31. Garbage collector throughput is measured by the number of > bytes it reclaims in a given amount of time. I think it > more likely that a garbage collector would have less

    > throughput if it's frequently jerked away from system-
    > wide collection by an application obsessed with immediate
    > attention to local crumbs. I have a hunch that explicitly
    > targeted synchronous collection is inherently degrading
    > to asynchronous system-wide collection. The thread
    > coordination might be too costly.

    I suspect that in overall throughput you would be correct in that it would be slower. Many small gc operations would likely take more time then a single large one. The benefit though is controlling when it occurs, which is huge for GUI apps. As mentioned previously, the user expects to see pauses in certain places, this idea simply leveredges that expectation. Additionally, the developer can program against it by showing an appropriate UI element like setting the cursor to an hourglass.

    For example, when I open and close a dialog in JBuilder, I expect to see a small pause on the close. However, I don't expect JBuilder to be locked up for ten seconds when I'm in the middle of typing code which JBuilder did frequently the last time I used it.

    Java currently tries to help minimize these pauses with by enabling incremental GC, I'm suggesting taking it a little further and putting some optional control over the process in the developers hands.

    Gerald
  32. "Garbage collection solves several problems:
    - leaks
    - stale references
    - client code bloat
    - reclamation stealing cycles from high priority work "


    - Leaks still exist.
    - Stale references still exist.
    - Code is still bloated in cases where finally must be used to be sure to close/free some resource.
    - deleting resources sometimes should be high priority work.
  33. <Cedric>
    How long in this thread before somebody asks for generics in Java 3.0? :-)
    </Cedric>

    How about a REAL meta objects? Revisiting Smalltalk would be a good idea.

    The sun no longer sets me free,
    Greg
  34. Article: 10 Reasons We Need Java 3.0[ Go to top ]

    Regarding expensive of OO primitives:

    That was really interesting information that I did now know. Thanks Dave. Previously I had been thinking that Java may have screwed up here, but now I'm thinking they were right on in finding a balance.
  35. Article: 10 Reasons We Need Java 3.0[ Go to top ]

    Here is a great example of the real issues with boxing/unboxing in C#.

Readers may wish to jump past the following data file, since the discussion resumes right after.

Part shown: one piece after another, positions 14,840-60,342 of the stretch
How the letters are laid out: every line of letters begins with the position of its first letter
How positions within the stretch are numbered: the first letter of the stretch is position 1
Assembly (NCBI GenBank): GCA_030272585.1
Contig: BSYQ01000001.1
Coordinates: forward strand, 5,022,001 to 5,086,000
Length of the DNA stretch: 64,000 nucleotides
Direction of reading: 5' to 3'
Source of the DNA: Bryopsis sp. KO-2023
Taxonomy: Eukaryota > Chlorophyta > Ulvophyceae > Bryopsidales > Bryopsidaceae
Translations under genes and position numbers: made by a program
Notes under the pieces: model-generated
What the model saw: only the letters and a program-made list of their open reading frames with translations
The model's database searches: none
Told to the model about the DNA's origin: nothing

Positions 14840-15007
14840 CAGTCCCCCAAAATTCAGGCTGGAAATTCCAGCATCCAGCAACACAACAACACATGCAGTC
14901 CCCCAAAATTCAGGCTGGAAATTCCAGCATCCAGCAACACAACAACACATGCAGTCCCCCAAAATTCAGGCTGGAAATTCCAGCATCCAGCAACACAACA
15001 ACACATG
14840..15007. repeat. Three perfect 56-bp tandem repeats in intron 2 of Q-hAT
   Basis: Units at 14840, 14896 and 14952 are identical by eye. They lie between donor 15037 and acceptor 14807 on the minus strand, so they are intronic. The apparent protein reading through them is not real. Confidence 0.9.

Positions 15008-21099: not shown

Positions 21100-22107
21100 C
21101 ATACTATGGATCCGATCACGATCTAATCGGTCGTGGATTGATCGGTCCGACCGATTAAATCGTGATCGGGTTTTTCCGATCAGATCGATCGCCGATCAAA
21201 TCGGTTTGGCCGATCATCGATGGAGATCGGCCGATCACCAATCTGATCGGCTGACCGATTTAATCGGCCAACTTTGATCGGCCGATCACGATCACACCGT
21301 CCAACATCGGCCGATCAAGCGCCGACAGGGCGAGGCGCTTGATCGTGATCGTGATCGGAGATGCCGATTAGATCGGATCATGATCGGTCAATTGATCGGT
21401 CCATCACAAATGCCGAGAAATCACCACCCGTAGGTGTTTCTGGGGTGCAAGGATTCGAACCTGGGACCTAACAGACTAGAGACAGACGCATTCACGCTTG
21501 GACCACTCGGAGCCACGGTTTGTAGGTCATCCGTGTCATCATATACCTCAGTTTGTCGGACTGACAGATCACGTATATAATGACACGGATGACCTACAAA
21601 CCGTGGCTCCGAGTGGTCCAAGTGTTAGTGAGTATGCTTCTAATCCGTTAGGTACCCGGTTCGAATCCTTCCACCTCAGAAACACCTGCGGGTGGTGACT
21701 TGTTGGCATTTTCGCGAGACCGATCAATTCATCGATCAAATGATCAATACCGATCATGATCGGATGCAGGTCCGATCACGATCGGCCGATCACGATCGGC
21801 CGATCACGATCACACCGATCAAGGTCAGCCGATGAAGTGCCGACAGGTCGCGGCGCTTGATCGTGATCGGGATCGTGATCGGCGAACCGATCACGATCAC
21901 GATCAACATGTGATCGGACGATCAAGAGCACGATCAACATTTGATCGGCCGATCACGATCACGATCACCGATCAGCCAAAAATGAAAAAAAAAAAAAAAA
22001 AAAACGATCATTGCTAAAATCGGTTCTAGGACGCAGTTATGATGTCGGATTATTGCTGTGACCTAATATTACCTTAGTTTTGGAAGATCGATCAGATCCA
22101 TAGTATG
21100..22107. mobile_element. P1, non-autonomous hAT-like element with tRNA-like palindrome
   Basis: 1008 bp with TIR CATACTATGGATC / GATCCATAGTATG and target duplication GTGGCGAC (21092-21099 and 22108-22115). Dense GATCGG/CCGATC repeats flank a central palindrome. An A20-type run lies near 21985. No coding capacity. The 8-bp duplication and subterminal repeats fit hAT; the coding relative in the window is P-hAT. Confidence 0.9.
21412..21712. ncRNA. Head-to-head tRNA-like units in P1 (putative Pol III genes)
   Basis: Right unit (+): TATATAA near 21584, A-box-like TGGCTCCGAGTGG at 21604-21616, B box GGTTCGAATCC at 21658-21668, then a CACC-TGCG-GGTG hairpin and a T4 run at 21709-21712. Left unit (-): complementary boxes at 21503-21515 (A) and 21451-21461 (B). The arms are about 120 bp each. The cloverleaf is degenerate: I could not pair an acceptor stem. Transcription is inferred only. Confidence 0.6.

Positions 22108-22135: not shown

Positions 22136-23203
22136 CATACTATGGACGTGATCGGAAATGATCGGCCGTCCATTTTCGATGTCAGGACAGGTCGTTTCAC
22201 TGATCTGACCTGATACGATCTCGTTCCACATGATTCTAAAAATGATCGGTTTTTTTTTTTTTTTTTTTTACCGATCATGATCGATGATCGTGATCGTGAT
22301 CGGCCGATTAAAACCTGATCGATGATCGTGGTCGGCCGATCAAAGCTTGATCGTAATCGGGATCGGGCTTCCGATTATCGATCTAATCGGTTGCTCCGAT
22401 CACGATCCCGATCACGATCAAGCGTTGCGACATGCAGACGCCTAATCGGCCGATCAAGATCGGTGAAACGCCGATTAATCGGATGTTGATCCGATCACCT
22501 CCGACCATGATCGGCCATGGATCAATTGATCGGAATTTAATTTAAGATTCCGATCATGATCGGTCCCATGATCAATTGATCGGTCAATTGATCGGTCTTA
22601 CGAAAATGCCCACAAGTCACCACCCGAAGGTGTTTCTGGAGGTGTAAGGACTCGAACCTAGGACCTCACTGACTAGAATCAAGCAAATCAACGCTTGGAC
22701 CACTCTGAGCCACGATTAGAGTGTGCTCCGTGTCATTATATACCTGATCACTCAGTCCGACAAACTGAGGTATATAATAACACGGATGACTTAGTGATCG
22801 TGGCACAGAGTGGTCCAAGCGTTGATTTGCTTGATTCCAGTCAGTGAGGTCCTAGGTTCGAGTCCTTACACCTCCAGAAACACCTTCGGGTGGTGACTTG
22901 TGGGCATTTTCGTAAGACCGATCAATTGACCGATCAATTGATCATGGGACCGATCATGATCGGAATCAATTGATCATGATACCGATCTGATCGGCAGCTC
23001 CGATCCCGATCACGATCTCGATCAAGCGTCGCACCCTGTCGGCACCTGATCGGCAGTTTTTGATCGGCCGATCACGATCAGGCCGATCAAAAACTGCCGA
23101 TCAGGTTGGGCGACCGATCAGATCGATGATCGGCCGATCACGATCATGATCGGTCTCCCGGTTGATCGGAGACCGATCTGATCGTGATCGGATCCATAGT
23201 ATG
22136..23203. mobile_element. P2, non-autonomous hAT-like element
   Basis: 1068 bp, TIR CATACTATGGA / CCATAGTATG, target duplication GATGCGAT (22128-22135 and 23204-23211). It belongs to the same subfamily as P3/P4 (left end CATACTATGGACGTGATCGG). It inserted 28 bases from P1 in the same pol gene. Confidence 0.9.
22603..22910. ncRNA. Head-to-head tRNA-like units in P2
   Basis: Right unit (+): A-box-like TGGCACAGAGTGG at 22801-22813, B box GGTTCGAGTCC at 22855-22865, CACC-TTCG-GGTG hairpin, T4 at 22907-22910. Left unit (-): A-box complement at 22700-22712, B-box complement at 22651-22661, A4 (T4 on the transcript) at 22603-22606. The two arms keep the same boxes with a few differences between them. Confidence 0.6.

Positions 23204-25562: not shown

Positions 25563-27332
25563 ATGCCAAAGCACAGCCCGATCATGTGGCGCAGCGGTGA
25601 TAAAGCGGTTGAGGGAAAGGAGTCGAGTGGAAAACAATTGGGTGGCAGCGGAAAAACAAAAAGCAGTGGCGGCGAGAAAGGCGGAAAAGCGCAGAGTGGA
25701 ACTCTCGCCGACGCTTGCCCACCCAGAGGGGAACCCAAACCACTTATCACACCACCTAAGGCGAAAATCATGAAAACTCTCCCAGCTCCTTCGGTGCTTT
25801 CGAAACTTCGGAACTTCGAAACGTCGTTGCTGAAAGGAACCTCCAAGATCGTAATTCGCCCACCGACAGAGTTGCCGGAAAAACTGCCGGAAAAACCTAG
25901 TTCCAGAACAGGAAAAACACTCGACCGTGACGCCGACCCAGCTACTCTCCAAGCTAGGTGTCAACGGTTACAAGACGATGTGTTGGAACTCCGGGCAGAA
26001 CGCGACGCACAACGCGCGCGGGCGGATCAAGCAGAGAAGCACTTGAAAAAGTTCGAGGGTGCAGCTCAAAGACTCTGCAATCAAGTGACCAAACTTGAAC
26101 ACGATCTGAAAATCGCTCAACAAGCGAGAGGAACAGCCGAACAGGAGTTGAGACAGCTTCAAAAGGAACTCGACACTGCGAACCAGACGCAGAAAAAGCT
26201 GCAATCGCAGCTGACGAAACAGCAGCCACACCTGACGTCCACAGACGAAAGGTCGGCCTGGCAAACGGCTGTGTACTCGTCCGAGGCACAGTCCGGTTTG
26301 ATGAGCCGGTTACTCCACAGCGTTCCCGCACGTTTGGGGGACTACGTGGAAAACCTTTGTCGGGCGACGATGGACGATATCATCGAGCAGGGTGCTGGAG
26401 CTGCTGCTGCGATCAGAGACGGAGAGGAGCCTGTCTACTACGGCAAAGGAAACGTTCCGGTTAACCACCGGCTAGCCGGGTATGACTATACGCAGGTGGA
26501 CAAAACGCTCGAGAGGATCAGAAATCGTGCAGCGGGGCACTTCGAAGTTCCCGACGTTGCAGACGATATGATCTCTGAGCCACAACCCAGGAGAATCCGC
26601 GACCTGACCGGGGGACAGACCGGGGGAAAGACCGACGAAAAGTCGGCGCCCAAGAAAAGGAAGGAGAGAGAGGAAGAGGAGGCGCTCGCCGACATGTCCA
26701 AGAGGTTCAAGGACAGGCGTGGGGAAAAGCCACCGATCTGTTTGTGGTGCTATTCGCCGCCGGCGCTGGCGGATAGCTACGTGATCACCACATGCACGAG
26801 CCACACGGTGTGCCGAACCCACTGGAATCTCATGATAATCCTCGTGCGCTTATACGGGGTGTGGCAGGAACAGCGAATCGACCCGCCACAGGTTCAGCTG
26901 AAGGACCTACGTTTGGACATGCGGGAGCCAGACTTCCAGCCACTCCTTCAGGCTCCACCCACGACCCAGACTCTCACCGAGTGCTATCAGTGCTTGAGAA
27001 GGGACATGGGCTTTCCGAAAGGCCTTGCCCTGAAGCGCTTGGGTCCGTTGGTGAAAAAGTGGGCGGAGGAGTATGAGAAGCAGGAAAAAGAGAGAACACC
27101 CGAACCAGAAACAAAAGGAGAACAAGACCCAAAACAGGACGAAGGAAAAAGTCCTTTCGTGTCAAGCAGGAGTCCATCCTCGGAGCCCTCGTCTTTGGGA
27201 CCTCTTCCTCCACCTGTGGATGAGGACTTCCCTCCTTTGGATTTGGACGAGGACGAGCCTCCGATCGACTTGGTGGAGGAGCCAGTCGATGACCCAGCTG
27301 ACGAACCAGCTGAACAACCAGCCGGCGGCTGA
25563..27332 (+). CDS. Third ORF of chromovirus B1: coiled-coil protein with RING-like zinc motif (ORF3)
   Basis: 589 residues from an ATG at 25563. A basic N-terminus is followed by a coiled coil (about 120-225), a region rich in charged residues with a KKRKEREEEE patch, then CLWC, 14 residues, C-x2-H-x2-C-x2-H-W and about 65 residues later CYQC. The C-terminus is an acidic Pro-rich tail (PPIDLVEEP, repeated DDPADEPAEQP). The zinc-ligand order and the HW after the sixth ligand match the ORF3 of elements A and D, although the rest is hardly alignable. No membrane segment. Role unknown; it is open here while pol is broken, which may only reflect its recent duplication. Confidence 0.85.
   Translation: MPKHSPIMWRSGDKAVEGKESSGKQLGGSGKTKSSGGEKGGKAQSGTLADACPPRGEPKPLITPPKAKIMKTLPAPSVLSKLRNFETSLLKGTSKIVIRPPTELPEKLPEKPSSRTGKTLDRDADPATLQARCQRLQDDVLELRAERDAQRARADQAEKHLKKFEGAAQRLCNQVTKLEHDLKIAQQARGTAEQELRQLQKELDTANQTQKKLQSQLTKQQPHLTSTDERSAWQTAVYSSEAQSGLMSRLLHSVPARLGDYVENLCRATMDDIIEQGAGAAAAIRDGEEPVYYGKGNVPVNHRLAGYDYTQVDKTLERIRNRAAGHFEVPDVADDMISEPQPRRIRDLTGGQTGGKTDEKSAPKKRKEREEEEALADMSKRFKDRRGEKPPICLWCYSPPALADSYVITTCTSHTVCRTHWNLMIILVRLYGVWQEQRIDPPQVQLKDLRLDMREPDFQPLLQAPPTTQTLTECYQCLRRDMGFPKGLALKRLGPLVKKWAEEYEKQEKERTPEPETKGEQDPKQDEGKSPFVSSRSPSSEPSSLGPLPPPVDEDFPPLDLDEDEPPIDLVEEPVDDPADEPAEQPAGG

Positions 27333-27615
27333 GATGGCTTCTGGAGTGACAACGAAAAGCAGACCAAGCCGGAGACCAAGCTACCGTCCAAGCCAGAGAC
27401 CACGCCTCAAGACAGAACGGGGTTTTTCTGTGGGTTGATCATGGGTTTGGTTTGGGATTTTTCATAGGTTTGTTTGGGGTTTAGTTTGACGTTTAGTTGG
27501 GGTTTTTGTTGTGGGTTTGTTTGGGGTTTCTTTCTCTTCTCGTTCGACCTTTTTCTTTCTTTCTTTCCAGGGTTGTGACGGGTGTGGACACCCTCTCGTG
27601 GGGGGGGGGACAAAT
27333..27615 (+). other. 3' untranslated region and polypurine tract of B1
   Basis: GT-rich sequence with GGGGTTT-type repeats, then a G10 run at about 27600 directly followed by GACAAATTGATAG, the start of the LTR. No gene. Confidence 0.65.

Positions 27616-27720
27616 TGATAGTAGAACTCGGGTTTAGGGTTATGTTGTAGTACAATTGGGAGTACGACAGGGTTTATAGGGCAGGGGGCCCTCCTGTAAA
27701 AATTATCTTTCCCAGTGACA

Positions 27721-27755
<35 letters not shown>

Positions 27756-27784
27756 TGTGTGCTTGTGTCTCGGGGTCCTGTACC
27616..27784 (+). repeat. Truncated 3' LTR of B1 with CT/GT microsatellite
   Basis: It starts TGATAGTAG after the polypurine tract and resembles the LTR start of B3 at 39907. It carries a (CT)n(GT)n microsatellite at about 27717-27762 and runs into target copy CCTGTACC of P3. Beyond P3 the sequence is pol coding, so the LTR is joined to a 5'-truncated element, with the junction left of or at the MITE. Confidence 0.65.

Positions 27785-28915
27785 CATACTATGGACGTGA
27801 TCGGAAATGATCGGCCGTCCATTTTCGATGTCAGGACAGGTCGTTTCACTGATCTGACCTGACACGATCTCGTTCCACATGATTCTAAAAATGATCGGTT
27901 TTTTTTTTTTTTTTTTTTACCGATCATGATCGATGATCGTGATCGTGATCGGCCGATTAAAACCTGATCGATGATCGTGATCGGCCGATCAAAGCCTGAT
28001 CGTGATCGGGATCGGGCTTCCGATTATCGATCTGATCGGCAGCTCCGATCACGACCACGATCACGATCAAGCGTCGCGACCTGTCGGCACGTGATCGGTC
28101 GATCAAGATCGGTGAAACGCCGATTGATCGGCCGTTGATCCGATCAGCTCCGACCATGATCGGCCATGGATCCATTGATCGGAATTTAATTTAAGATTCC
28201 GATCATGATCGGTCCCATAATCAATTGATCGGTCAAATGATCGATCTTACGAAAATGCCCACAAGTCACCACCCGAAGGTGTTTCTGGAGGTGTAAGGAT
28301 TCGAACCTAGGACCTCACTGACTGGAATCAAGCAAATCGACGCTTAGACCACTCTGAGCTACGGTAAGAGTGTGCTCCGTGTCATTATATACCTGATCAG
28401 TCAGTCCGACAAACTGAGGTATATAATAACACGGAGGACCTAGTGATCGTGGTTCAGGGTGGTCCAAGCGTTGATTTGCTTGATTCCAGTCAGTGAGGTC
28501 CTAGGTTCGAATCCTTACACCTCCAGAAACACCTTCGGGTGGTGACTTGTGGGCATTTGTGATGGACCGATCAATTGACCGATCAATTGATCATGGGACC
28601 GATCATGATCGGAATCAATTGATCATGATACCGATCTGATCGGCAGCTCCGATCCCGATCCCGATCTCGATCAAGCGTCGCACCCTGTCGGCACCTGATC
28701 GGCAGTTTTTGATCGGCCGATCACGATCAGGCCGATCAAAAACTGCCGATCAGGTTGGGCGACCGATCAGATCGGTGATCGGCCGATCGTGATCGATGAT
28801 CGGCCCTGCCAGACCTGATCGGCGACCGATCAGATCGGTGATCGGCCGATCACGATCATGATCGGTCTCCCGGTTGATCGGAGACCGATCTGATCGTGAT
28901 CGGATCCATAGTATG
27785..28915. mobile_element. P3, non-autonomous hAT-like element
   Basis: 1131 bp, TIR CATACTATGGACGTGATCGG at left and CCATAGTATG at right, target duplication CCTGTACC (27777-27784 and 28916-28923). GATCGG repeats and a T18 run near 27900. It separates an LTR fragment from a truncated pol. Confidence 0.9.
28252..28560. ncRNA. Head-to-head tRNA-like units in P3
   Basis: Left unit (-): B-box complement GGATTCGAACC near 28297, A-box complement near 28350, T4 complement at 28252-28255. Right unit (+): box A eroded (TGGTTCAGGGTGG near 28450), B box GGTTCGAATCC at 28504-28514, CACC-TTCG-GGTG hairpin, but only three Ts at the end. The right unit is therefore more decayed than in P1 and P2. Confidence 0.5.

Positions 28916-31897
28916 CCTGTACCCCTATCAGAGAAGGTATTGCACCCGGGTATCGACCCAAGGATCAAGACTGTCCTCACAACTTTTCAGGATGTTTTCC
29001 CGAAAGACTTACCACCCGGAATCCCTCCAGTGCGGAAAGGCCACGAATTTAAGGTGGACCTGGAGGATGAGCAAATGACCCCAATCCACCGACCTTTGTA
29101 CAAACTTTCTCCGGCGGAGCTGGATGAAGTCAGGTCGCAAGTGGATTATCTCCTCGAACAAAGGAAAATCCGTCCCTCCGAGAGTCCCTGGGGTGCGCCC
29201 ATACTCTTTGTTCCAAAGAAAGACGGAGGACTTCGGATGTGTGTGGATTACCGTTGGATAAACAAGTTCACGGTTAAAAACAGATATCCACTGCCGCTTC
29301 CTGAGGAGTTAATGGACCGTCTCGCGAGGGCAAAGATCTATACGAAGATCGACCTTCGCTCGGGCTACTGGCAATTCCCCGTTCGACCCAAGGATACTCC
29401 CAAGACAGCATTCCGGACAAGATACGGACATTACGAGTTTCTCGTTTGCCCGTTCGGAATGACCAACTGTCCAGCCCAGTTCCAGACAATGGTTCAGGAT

http://www.geocities.com/csharpfaq/box.html

    Dave Wolf
    The Scupper Group
    dave at scuppergroup dot com
  36. Dave Wolf wrote:
    > Here is a great example of the real issues with
    > boxing/unboxing in C#.
    > http://www.geocities.com/csharpfaq/box.html

    Thanks Dave,
    When I first read about boxing/unboxing I thought it might have undesired side effects, but all the C# guys seemed to think it a boon. Nice to see an article that debunks that...


    OK, my 0.5 euros on the 10 points - top three first:

    6 (fix threads) - YEEEEEESSSSS. WE MUST FIX THE MEMORY MODEL ASAP. IT IS UTTERLY BROKEN. (Yes I am shouting - this is important! I am also banging my fist on the table!). I cannot believe that no-one on this thread has mentioned this.

    Why is this important: Because it is generally reckoned that nobody on the planet actually understands the current spec! Where has the JCP committee on that gone to? Come on Doug and the others, you can do it!

    8 (remove Primitives) - Definitely NO. I do financial software in Java. No primitives == excess object allocation == bad performance == I go to C#!

    2 (redesign I/O) - Yes, but for different reasons. The main problem with IO classes (and AWT for that matter) is that the base entities are classes, not interfaces. Look at collections for the correct approach - the contract specifications are all done as interfaces. Using abstract base classes as a specification of functionality is wrong and makes reuse even slightly outside of the original designers vision almost impossible. WHY are Reader and Writer abstract classes - they shouldn't be...


    As for the rest...

    10 (remove deprecations) - Yes.
    9 (fix naming) - No. It's all subjective anyway...
    7 (4 byte char) - not worth the pain.
    5 (convert files to XML) - spoken like a true XML book author! Do we really want properties file in XML? Only if they need to be hierarchical...
    4 (ditch AWT) - Yes, but in favour of SWT! ;-)
    3 (rationalize collections) - that's just 10 repeated.
    1 (redesign classloading) - Sorry, no sympathy. Any half decent Java programmer should understand at least the basics of classloading. I don't think a redesign would be possible... the requirements already placed on classloaders apply too many constraints to allow much change.

    /david
  37. I pray they always manitain backwards compatibility - at least in the runtime, if not in the SDK. Otherwise we are in for two years of multiple JVM's for your Oracle JDBC v's Weblogic v's IDEA v's Tomcat v's Jboss v's jaxp v's JCloak etc etc. i.e. they would all upgrade at different rates screwing up all but the greenfield projects who reinvent the wheel.

    Jonathan

    p.s.I hate templates. They are always overused and abused. Java's initial simplicity was superb.

  38. well my 2 cents worth -

    i think depending on where u are applying the language u need different feature

    1. currently i am writing software where i need to plug in to different kinds of algorithms etc and i could kill for generics and function templates coz my basic steps of function remain the same

    2. I have previously written financial apps and i can tell you it is a horrible torture to make primitives to objects. Rather we need objects to behave like primitives something c++ was adept at doing on account of operator overloading. At the very least we need to overload cast operators

    3.i think we need rules built into language - something prolog like because some rules just involve numerous objects